Parents who take out federal Parent Plus loans to help pay for their children’s college education typically don’t qualify for some breaks available to student borrowers themselves, like repayment options that take their income into account.
But Mark Kantrowitz, a financial aid expert, says there is a workaround available that may help some parents, especially those who are worried about being able to afford their Parent Plus loan payments as the parents near retirement. The approach involves refinancing the loans through a Federal Direct Consolidation Loan, which may make the debt eligible for more flexible repayment options, he wrote this week on his Web site Fastweb.com.
The approach may enable parents to reduce their monthly payments and stretch out the repayment period on the loan. And in some cases, borrowers may even have the debt forgiven.
The option is of interest, Mr. Kantrowitz said, because federal data suggests that some retirees are still paying off education debt, mostly likely loans taken out for their children, rather than for themselves.
Unlike federal loans taken out by students, Parent Plus loans aren’t usually eligible for income-based repayment, a plan that helps reduce payments for students who have low salaries and significant debt by figuring payments based on their income. The parents’ loans are also not eligible for income-contingent repayment, an earlier version of repayment help that’s calculated a bit differently.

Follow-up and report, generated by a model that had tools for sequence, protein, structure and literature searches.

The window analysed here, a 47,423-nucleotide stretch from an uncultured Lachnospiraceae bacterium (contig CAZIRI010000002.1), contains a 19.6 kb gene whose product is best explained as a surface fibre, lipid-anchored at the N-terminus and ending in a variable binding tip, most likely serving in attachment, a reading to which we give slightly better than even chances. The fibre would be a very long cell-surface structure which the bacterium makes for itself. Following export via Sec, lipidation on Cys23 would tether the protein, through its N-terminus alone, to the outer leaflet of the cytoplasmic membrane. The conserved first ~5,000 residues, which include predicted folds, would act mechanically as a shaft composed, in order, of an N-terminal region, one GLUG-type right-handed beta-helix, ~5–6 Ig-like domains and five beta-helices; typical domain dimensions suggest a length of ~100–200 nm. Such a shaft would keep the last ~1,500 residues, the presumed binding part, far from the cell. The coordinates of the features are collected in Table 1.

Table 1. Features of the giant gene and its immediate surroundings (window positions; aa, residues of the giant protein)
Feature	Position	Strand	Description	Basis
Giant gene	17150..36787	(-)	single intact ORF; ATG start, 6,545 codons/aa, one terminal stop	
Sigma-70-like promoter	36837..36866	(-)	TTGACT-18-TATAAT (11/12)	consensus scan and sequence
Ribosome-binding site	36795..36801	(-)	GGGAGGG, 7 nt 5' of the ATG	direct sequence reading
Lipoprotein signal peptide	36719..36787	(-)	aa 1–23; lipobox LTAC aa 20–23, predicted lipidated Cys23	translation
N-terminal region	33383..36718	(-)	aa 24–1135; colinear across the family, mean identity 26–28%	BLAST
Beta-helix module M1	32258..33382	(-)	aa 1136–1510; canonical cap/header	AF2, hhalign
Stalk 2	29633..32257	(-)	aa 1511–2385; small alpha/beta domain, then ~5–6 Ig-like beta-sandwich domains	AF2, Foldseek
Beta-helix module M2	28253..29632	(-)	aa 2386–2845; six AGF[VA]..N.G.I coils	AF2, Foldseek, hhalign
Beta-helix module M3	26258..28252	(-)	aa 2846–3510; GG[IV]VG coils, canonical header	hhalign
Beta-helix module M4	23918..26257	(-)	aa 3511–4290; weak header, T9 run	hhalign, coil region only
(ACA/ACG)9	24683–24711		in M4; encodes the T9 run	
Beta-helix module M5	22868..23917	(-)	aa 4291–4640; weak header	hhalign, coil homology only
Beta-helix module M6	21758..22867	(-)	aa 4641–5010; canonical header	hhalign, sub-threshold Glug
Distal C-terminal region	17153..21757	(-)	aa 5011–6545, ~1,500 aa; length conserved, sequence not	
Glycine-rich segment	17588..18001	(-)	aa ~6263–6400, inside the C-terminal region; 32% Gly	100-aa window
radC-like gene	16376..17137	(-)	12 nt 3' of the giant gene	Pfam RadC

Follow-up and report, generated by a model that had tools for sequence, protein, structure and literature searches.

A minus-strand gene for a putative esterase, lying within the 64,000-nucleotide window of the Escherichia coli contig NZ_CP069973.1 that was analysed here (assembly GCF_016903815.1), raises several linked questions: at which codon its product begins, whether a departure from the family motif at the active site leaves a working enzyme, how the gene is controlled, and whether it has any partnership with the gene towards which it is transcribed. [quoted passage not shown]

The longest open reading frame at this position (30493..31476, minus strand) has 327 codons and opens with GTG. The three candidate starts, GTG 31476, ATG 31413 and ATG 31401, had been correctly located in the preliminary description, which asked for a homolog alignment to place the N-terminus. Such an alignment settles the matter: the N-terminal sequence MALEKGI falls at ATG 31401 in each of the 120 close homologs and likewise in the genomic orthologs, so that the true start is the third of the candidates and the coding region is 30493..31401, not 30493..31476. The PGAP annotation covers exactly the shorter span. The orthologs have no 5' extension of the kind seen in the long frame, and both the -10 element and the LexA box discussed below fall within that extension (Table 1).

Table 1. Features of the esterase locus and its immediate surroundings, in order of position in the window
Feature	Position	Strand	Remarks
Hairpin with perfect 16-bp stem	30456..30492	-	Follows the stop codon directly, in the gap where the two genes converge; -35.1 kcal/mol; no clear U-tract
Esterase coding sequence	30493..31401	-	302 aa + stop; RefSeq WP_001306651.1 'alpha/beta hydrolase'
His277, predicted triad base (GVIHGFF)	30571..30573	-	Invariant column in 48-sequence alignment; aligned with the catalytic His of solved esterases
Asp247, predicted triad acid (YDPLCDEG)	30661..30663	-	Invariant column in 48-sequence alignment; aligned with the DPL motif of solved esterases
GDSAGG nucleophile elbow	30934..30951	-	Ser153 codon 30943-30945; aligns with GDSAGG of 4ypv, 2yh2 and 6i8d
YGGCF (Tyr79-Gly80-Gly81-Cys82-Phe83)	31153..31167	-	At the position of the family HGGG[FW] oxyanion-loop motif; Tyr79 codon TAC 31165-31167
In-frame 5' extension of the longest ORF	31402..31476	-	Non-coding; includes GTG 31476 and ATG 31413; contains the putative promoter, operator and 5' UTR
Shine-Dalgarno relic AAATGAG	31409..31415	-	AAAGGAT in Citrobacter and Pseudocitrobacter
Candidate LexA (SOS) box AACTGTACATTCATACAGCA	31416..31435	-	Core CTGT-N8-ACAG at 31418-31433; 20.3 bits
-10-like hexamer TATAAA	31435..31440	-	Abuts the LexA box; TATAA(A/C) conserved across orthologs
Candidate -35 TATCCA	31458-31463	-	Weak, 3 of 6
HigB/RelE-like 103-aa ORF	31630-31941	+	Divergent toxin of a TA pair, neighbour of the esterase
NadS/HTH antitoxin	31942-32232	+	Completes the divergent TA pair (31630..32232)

But, Parent Plus loans can become eligible for the second version — income-contingent repayment — if they are refinanced into a Federal Direct Consolidation Loan. The consolidation loan helps the borrower manage debt by refinancing one or more loans into a new loan, resulting in just one, usually lower, monthly payment and extending payment over a longer period of time. (The interest rate on the new loan is based on an average of the rates on the loans that are consolidated, rounded up to the nearest one eighth of a percent.)
The consolidated loan is eligible for income-contingent repayment, which pegs monthly payments to the borrower’s income, family size and total amount borrowed. The consolidated loan can extended for up to 25 years, after which any balance is forgiven. It’s also discharged if the borrower dies.
Further, once the Parent Plus loan is consolidated, it can also benefit from public service forgiveness, a program that erases any remaining federal student debt after 10 years for borrowers who work in the government or the nonprofit sector. This may benefit borrowers who are employed in those areas and who have 10 years until retirement.
In a confusing conflict of rules, Parent Plus loans are technically eligible for public service debt forgiveness even without consolidation, Mr. Kantrowitz wrote. But, in practice, that doesn’t help much. Because the loans are not eligible on their own for income-related repayment plans, the loans are typically repaid over a standard 10-year repayment period, after which there’s no debt left to forgive.
Parent Plus loan borrowers can get information about consolidation loans through their loan’s servicer or from the Web site of the federal Education Department.
A calculator on Finaid.org, a site created by Mr. Kantrowitz, can help compare the difference between a standard repayment option and an income-contingent option.
Are you worried about paying off Parent Plus loans?
Written by Ann Carrns and published in the New York Times.
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